Game Review: Assassin's Creed (Xbox 360)

assassin's creed boxart
Ubisoft Entertainment

A videogame about human nature and free will, Assassin's Creed tells the story of Desmond Miles, a young man who finds himself reliving the memories of his assassin ancestors through the use a fancy-pants machine called the Animus. Most of the gameplay has the player spend time as Altair ibn-La'Ahad, a bad ass Assassin roaming around through the Third Crusade, stabbing people in the jugular in true assassin fashion. Every now and then I play a videogame that is so awesome that it literally hooks me like a coke habit, and Assassin's Creed is definitely one of them. Everything from the impressive voice acting to the look of the in game menus reminded me that the developer team, Ubisoft Montreal, really cared about this game.

Altair on the rooftops
Ubisoft Entertainment

In the beginning you are shoved into a beautifully styled, wide and free roaming world and are encouraged to seek your own path towards various missions and objectives. For example, if I wanted to assassinate a target by throwing a knife into his back, I could free up walls and on top of roofs to reach him, or I could be stealthy and waltz my way over to him to complete the deed. However way you choose the chances are very high that you will enjoy AC's odd yet refreshing style of gameplay as it mixes free roaming (and running), stealth, and action. Oh, and that story... I could go on forever about Assassin's Creed's story so instead I'll just say this: Name one videogame that wonderfully tackles questions of morality, human nature and free will and does so without overbearing the gamer in pretentious bullshit. Exactly, you can't do that unless you've played Assassin's Creed (If you do know of a videogame or two that can do this, let me know in the comment section below).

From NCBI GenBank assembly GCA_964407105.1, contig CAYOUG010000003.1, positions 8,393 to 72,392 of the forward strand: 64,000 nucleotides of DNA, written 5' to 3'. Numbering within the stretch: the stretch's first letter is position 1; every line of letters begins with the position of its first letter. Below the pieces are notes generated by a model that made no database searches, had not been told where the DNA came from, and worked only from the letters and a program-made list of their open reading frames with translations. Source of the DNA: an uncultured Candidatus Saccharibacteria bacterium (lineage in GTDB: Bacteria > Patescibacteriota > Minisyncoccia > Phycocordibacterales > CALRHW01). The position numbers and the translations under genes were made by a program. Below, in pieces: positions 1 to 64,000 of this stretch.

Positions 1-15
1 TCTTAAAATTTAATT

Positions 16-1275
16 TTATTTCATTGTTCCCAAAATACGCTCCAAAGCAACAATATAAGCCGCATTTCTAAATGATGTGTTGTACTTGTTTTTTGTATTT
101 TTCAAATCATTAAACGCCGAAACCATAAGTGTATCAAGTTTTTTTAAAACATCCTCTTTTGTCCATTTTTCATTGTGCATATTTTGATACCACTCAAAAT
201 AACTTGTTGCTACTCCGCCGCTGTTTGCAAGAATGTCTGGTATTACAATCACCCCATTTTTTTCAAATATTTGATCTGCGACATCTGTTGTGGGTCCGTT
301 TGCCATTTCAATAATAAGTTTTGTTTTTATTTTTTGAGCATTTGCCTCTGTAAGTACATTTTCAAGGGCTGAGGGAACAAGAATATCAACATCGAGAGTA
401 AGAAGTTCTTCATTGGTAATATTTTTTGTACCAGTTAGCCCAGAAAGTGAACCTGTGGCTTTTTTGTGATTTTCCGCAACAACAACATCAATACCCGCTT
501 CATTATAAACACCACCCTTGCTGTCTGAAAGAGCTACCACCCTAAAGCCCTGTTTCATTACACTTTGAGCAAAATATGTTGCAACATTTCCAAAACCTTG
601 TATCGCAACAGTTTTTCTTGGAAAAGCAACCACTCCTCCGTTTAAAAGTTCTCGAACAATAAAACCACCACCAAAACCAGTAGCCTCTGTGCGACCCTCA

Altair assassination
Ubisoft Entertainment

Alas, I would be lying if I told you that this game is without flaw. For one, free running as Altair can be imprecise as he controls not-exactly-like-a-tank, but he is not as responsive as one would expect a BAMF assassin to be. Also, the missions you must complete become repetitive about midway through, and towards the later memory blocks, this game's chapters, AC's story paid dividends to keep me playing despite it's repetitive nature. All said, with Assassin's Creed, not only are you getting something genuinely fun, you are also getting a fantastic looking game with an amazing narrative wrapped around a compelling story. The entire package is without a doubt something special that I do not usually see in videogame. If you have not played this one yet then you owe it to yourself to experience what "doing things right" in videogames looks like. If you have played this game already, let me know what you thought of it in the comments below!

This videogame is available on the PlayStation 3, Xbox360 and PC.

Comments

  1. If you want thought provoking morality/philosophy stuff, check out planescape: torment. Really old PC game, but pretty good.

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    Replies
    1. Hmmmmm I'll probably check it out. I'm not big on RPGs but I really haven't played one since Pokemon Diamond.

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  2. could you review call of duty mw3. I'm debating weather i should buy this game over battlefield 3. i need a 2nd opinion about this game before i make my decision. thanks

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    1. Duly noted! I actually plan on playing much of it soon so stay tuned.

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  3. I think they handled the controls a little *too* realistically, but I mean, what are we supposed to argue?

    "Nah, I think video games should fuck things I don't like, like Newton's Law of conservation of speedy things, but they should add MORE realism, like blood that sprays all over, cuz that's cool and I like it."

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    Replies
    1. I see what you mean. Though it seemed that they tried to remedy the control issue in Assassin's Creed II as, so far, controlling Enzio is far less frustrating.

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